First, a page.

Fact check: Is Ofsted more likely to praise poorer schools’ leaders?

Amanda Spielman, the chief inspector, caused a stir last week after claiming that lower grades for schools in deprived areas was offset by praise for leaders.

Spielman said that Ofsted recognised the “relative strength” of schools in poorer areas by rating their leadership more highly – after admitting schools in more affluent areas were awarded better grades.

She said that analysis by the watchdog found “compared with more advantaged schools, disadvantaged schools are quite a lot more likely to have Ofsted rate their leadership and management more highly than their overall effectiveness”.

The watchdog told Schools Week it was unable to share the data as it had not been published publicly.

So, we attempted to replicate a study that could back up the claims.

The number crunchers at Education Datalab analysed the inspection results of 1,389 primary and secondary schools between September 2019 and March 2020 (when inspections were halted).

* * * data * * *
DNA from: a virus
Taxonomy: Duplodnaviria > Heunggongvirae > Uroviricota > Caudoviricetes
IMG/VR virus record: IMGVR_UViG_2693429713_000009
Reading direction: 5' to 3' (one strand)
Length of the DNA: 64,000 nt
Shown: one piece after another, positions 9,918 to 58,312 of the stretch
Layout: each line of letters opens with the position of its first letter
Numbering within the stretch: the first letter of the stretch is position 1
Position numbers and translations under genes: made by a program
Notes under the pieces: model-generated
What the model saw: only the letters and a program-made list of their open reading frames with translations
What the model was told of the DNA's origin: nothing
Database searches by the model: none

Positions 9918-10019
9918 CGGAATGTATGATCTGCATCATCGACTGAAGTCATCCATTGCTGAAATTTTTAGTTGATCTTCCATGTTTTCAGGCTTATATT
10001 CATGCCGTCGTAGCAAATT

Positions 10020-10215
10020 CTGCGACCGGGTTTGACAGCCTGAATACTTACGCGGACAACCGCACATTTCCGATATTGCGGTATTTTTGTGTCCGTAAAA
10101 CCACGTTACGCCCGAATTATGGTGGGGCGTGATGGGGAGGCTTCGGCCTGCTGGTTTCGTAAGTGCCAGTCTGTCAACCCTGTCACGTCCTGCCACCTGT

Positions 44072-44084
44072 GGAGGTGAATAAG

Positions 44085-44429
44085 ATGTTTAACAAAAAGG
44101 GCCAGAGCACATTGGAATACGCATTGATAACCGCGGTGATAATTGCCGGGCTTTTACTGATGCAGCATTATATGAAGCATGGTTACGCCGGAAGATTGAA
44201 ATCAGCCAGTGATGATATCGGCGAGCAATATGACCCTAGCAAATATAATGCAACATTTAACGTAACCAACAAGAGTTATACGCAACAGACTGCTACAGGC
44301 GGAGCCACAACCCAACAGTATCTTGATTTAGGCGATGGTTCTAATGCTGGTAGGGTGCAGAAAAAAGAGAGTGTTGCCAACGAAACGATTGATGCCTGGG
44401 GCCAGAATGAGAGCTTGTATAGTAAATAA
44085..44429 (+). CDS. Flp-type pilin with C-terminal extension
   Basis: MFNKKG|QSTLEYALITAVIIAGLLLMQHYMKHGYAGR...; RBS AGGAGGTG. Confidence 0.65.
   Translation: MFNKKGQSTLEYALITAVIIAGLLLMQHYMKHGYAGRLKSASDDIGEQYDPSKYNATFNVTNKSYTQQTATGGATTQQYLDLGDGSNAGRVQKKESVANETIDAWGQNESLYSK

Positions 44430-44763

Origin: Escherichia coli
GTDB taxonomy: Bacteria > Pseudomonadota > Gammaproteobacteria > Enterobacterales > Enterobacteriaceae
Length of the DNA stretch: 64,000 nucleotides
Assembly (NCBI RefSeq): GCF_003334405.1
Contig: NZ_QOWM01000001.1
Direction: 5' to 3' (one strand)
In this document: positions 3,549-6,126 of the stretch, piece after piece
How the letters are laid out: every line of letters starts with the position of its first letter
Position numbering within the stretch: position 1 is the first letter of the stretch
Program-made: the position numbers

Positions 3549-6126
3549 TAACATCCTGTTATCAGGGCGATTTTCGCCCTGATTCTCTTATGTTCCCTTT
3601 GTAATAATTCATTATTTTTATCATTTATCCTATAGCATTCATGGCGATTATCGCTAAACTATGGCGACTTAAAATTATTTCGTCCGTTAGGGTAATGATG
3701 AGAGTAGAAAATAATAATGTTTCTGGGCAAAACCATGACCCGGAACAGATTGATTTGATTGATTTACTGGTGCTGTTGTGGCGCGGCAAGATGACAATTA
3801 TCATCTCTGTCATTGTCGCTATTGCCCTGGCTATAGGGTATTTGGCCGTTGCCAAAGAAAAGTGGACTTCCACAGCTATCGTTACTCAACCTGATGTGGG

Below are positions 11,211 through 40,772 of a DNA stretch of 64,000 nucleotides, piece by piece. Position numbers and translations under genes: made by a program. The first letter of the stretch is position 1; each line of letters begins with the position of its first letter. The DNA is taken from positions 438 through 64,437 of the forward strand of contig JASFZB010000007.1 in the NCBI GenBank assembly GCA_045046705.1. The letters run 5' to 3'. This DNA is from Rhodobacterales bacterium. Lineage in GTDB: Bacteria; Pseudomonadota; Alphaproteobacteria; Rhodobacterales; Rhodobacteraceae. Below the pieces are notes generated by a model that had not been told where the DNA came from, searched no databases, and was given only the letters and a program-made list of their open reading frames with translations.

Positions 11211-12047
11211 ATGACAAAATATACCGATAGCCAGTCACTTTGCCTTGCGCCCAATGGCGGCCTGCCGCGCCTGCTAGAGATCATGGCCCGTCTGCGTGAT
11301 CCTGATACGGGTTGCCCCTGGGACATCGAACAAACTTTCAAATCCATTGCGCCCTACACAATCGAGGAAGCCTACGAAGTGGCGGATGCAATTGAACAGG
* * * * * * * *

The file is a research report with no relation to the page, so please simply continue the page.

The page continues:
The analysis removed any schools judged ‘outstanding’ – as their leadership grade cannot be higher than their overall grade.

Figures support Spielman’s claims

Education Datalab compared schools against the percentage of pupils eligible for free school meals (FSM) in the January 2020 census, broken down into five quintiles.

They found that 16 per cent of primary schools with the most disadvantaged cohorts were awarded higher leadership judgments than their overall grade, compared with just 5 per cent of the most affluent schools.

The trend was clearer at secondary level, where 26 per cent of schools with the poorest pupils were given higher leadership judgments, compared with just 6 per cent of schools with the most affluent intakes.

Spielman claimed the findings showed poorer schools’ “relative strengths” were recognised.

But Stephen Tierney, the chair of the Headteachers’ Roundtable, said there was a “real perception” among leaders in disadvantaged areas that a higher leadership judgment was “a condescending pat on the head”.

He added the overall judgement was “ultimately what schools live and die by” and Ofsted inspections were more suited to “provide narrative judgements” rather than grades.

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